Whenever one watches Ivan Rabb play, they usually come away with one clear conclusion: He is an exceptionally skilled and intelligent basketball player.
Although the Memphis Grizzlies selected him with just the 35th pick in the 2017 NBA draft, many were ecstatic for what the once projected lottery pick from the University of California could bring to the table. While he does possess solid size for an NBA big man at 6’10 with a 7’2 wingspan, his skill set is also impressive in that he has exceptional footwork, a consistent knack for scoring around the rim, and a soft, feathery mid-range jumper. All things considered, he should be an excellent rotation big man in the NBA.
That is, if we’re talking about the NBA of the 1990s.
Throughout his rookie season with the Memphis Grizzlies, the problem with Ivan Rabb was certainly not that he wasn’t a good basketball player. The numbers speak for themselves: In the 36 games he played last season, he averaged 14 points, 11 rebounds, and 2.2 assists per 36 minutes. Although he often struggled against stronger players in the post, he was still an effective finisher, converting 68% of his shots at the rim.
His shooting numbers in particular were especially impressive as he shot 56% from the field and a ridiculous 48% on shots from 10-16 feet (to put that in perspective, Dirk Nowitzki, one of the greatest mid-range shooters in NBA history, has shot 47% on those same shots over his illustrious career, and Kevin Garnett shot 46% on them for his career. The percentages of their shots taken from that distance are also both highly similar to Rabb’s).
Ivan Rabb is definitely a fundamentally sound, skilled basketball player with captivating potential in certain areas. However, while he does do several different things well, his problem lies in that he doesn’t do enough things well.
In an NBA where every team now obsessively aspires to an ideal of “positionless basketball”, versatility is now the name of the game. Not only do big men have to be proficient at scoring in the paint and rebounding, but they also have to effectively defend several positions and space the floor offensively.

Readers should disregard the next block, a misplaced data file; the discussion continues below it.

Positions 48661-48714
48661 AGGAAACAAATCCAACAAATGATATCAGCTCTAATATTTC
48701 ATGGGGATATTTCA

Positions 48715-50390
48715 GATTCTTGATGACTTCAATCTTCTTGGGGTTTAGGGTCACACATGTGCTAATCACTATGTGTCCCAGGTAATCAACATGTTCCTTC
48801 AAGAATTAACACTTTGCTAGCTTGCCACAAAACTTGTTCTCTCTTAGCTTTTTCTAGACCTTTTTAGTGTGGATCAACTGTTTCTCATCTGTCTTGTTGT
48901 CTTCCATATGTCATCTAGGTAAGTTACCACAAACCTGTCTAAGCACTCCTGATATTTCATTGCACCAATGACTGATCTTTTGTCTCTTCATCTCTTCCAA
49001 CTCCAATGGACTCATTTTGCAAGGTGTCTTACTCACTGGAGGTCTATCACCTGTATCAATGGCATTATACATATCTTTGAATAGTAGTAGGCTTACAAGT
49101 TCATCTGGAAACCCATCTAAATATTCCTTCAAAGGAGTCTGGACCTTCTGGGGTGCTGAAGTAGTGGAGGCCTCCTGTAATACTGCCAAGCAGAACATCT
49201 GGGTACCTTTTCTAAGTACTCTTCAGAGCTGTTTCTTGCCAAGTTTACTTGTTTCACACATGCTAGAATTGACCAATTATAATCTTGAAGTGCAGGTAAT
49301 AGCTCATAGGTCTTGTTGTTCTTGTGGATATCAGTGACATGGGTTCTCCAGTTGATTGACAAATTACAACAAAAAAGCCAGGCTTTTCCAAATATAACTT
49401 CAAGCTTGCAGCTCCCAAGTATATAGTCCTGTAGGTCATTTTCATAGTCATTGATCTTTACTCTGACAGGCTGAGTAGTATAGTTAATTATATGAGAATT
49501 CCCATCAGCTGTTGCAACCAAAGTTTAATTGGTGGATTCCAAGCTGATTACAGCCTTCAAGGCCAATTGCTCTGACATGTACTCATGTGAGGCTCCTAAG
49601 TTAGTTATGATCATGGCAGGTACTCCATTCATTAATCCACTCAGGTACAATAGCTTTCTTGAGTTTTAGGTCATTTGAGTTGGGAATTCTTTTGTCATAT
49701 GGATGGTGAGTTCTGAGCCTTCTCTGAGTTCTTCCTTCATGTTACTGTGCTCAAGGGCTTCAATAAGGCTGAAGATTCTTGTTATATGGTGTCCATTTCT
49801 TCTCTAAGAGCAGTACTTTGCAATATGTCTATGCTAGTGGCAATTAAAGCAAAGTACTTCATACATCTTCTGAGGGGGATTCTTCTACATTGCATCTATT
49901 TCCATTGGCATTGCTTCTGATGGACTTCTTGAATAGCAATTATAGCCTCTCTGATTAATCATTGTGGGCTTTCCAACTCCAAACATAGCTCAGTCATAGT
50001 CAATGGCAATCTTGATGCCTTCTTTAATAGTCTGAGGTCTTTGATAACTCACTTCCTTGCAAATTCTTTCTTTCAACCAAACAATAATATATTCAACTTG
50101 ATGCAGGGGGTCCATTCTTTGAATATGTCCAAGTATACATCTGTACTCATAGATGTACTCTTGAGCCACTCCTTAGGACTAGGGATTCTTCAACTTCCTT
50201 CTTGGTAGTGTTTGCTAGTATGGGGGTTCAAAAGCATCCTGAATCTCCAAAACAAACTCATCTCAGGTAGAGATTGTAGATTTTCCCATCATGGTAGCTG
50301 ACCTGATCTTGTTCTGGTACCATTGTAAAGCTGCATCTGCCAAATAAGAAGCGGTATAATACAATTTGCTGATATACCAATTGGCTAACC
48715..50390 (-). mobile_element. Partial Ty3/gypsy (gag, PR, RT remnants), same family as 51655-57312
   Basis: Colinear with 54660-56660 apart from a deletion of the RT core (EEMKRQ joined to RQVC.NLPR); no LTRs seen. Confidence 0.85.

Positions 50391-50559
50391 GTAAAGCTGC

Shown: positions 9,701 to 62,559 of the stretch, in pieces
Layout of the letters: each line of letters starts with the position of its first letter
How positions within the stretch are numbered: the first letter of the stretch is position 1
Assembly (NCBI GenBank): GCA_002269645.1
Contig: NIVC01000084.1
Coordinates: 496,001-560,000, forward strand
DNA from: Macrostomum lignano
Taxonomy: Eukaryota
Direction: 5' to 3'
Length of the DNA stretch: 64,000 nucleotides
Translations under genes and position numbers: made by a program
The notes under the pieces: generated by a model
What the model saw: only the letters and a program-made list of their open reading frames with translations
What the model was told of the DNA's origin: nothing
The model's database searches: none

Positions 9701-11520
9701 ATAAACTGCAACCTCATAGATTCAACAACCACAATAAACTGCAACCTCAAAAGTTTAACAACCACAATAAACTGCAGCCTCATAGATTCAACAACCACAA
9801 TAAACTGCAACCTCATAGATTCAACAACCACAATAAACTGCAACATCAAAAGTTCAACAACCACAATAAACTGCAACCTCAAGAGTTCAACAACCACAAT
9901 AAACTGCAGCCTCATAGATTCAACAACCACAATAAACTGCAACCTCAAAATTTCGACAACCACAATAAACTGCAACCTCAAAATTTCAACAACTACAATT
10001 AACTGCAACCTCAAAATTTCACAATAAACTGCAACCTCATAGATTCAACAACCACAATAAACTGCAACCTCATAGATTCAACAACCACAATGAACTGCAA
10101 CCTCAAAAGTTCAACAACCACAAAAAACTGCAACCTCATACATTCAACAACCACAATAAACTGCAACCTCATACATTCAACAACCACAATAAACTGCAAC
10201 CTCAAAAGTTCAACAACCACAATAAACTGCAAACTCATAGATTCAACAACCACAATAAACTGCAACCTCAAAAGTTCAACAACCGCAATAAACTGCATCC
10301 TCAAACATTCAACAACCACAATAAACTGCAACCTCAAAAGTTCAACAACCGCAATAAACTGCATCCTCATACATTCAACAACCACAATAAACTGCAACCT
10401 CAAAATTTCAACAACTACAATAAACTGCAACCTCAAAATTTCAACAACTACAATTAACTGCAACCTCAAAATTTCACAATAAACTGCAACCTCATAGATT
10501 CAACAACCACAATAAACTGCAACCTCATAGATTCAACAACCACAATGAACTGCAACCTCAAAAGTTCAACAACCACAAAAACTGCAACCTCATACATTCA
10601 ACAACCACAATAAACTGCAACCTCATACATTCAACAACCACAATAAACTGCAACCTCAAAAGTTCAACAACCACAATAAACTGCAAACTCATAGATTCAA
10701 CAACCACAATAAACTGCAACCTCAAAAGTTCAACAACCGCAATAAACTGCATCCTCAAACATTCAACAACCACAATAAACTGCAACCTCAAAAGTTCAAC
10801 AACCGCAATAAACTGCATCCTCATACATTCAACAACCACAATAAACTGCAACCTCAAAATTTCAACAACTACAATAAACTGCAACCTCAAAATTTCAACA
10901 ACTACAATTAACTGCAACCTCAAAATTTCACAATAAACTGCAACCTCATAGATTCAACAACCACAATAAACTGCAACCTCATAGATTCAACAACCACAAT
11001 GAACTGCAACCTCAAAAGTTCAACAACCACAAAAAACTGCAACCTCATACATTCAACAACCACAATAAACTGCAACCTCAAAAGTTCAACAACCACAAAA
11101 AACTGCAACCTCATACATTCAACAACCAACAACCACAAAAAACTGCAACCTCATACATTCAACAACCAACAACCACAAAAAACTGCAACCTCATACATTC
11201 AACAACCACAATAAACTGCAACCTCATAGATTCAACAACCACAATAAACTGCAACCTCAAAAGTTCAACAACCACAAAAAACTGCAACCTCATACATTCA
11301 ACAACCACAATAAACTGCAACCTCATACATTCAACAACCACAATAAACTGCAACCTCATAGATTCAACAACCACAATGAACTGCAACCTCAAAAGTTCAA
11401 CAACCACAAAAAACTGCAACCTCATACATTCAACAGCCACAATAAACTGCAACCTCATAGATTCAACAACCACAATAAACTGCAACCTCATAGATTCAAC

And it’s when you begin to compare Ivan Rabb to this new-age NBA ideal that his weaknesses really begin to show. He may have the potential to become a truly elite mid-range shooter, but how much are those inefficient shots really worth when he he is incapable (or unwilling, since he didn’t take a single three-pointer last year) of spacing the floor beyond the three-point line? With his knack for scoring in the paint, he could become a solid scoring big off the bench, but how can he stay on the floor when he is completely incapable of protecting the rim or defending the perimeter due to his physical limitations?
For Ivan Rabb to carve out a role as a rotation player for the Memphis Grizzlies or in the NBA as a whole, he will have to improve on two things.
The first is the most important. If he’s going to become more effective at defending physical players in the paint, he will have to get stronger. He may never become adept at containing guards on the perimeter due to his lack of lateral quickness, but he will have to become more effective at post defense at the very least, or else he will not be able to stay on the floor.
The second one is obvious: He will have to improve the range on his jump shot. However, this could be found entirely in his mindset. Since he already has an excellent mid-range jump shot, it shouldn’t be that difficult for him to extend it out to the three-point line, especially as a still very young player. After all, if Marc Gasol can do it at 31, Rabb should be able to do it at nearly a decade younger. He will simply have to decide to start taking threes.
While he may never be a star in the NBA, Ivan Rabb still has some terrific tools and a natural, unteachable feel for the game that could carve him out a role as a rotation player for years to come. And he could very well find that role with the Memphis Grizzlies as early as this coming year. As of right now, he is the fourth best true big man on the team behind Marc Gasol, Jaren Jackson Jr., and JaMychal Green. His minutes may not be consistent every night, but he will likely have a chance to find a consistent role.
But that will be fully dependent on his persistent maturity into a better example of what the NBA now requires of a big.